Opinion

Opinion

Editorial: Legislators' budget must fully implement Leandro plan for education equity

Posted September 30, 2021 5:00 a.m. EDT

N.C. Gov. Roy Cooper(middle) and Commission on a Sound Basic Education Chair Brad Wilson (right) 09-28-2021

CBC Editorial: Thursday, Sept. 30, 2021; Editorial #8707
The following is the opinion of Capitol Broadcasting Company.


The message to North Carolina General Assembly’s leaders cannot be clearer – coming from a Superior Court Judge; the plaintiffs including six local school boards and 14 parents; the defendants including the state of North Carolina and the State Board of Education.

That message was echoed and amplified Tuesday by Gov. Roy Cooper and the state Commission on a Sound Basic Education:

“We have a once-in-a-generation opportunity to use our state’s resources to truly transform and strengthen our public schools. Our state has the resources to live up to our constitutional obligation to our children,” Cooper said. In his negotiations with legislative leaders, “I will work as hard as I can for strong investments in this plan so that we can make it a reality,” Cooper promised.

“For the first time in our history, North Carolina has a truly comprehensive, research-based plan for how we can ensure all students have access to a sound basic education. It is both a constitutional and a moral imperative that our state ensures that the Comprehensive Remedial Plan is fully implemented and that we allocate the resources necessary to get that done,” said Brad Wilson, chair of the commission.

Support for the plan is broad. Full implementation of the consensus Leandro Comprehensive Remedial Plan should NOT be a bone of contention between the legislative leadership and the governor in the state budget bill they send him. It is not a question of money. It is not a question of research or soundness of approach.

The question for our legislative leadership is a basic and simple one of will. Are they determined to unequivocally stand up for public school students and parents, public school teachers and staff and the Constitution of North Carolina? Will they do what it takes?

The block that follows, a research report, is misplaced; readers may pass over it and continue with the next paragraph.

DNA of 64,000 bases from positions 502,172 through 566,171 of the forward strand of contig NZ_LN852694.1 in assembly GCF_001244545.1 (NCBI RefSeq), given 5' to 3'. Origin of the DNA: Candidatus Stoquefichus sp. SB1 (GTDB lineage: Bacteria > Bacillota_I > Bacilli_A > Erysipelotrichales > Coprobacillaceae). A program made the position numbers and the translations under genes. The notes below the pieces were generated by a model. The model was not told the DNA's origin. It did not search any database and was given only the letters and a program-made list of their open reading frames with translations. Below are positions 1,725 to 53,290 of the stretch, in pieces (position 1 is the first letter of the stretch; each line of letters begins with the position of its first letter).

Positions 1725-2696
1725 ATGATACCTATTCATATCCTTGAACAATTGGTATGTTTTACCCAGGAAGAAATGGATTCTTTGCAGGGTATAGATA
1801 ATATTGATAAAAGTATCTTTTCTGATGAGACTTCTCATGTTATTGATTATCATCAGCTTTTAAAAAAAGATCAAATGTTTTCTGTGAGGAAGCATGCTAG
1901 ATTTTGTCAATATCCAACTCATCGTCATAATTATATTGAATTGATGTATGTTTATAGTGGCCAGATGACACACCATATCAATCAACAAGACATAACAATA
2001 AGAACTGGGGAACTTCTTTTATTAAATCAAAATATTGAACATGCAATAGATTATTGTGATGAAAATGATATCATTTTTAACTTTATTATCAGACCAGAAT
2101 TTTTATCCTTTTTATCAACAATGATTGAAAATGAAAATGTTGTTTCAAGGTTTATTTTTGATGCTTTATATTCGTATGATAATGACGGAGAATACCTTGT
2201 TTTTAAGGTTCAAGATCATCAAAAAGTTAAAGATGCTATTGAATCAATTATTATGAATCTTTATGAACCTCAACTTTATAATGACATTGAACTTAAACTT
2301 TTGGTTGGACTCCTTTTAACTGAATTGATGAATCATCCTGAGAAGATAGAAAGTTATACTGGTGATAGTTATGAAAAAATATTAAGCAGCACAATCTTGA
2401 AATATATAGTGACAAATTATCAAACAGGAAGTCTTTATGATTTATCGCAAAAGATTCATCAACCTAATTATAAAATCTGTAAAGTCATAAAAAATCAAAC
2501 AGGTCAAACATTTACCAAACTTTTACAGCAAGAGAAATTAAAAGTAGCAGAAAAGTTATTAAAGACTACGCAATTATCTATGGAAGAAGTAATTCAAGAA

Even they will admit our public schools are not delivering on the Constitutional promise. “I don’t think anybody would think we’re where we need to be in terms of educational outcomes,” state Senate leader Phil Berger said this week. “So, I don’t think there’s a lot of disagreement on that.”

Selectively picking data, as our legislative leaders habitually do, paints a phony portrait of their backing of public schools and progress they’re making on fulfilling the constitutional mandate.

It is past time to stem the DECLINE in support for public education. Over the last decade, per-student spending in the state has dropped 6% -- sixth lowest in the nation (page 21, WESTED report).

North Carolina per-student spending is about $3,000 LESS than the national average.

House Speaker Tim Moore says that it isn’t up to a judge to “direct how funds are spent in this state. “That is entirely the responsibility of the state legislature.” The order isn’t telling them WHAT to spend – but HOW to spend. Legislative leaders, for example, choose to spend millions on private school vouchers that do nothing to improve public schools.  Legislators might take the recommendations and have their own ways to implement the court order’s mandates.

If Berger and Moore aren’t happy with the achievement and attainment in our public schools, and they refuse to adopt the consensus Leandro remedial plan, they are obligated to detail what they would do to meet the state’s constitutional mandate.

After all, these are the same folks demanding adherence to the state’s constitutional requirement to present photo identification to vote. Why aren’t they displaying the same fervor over meeting the Constitution’s public education mandate?

If they don’t like it, maybe they should offer voters the chance to repeal the portion of Article IX of the State Constitution where it says the legislature must provide a system of free public schools “wherein equal opportunities shall be provided for all students.”

Put it to a vote. See where the people stand. We have a strong hunch the message would be pretty loud and pretty clear – and it would not support the legislature’s status quo.

Making this a debate about separation of powers, as the legislative leaders seek to do, is merely deflecting away from talking about the central issue – support for North Carolina’s public schools.

Adoption of the Leandro Comprehensive Remedial Plan is about providing EVERY child with access to a quality education. We believe it is a good and sound program.

That is what the debate MUST be about. If Berger and Moore don’t like the consensus plan (they should, by the way) don’t hide it in a fight over the state budget. Tell us, what is your plan?

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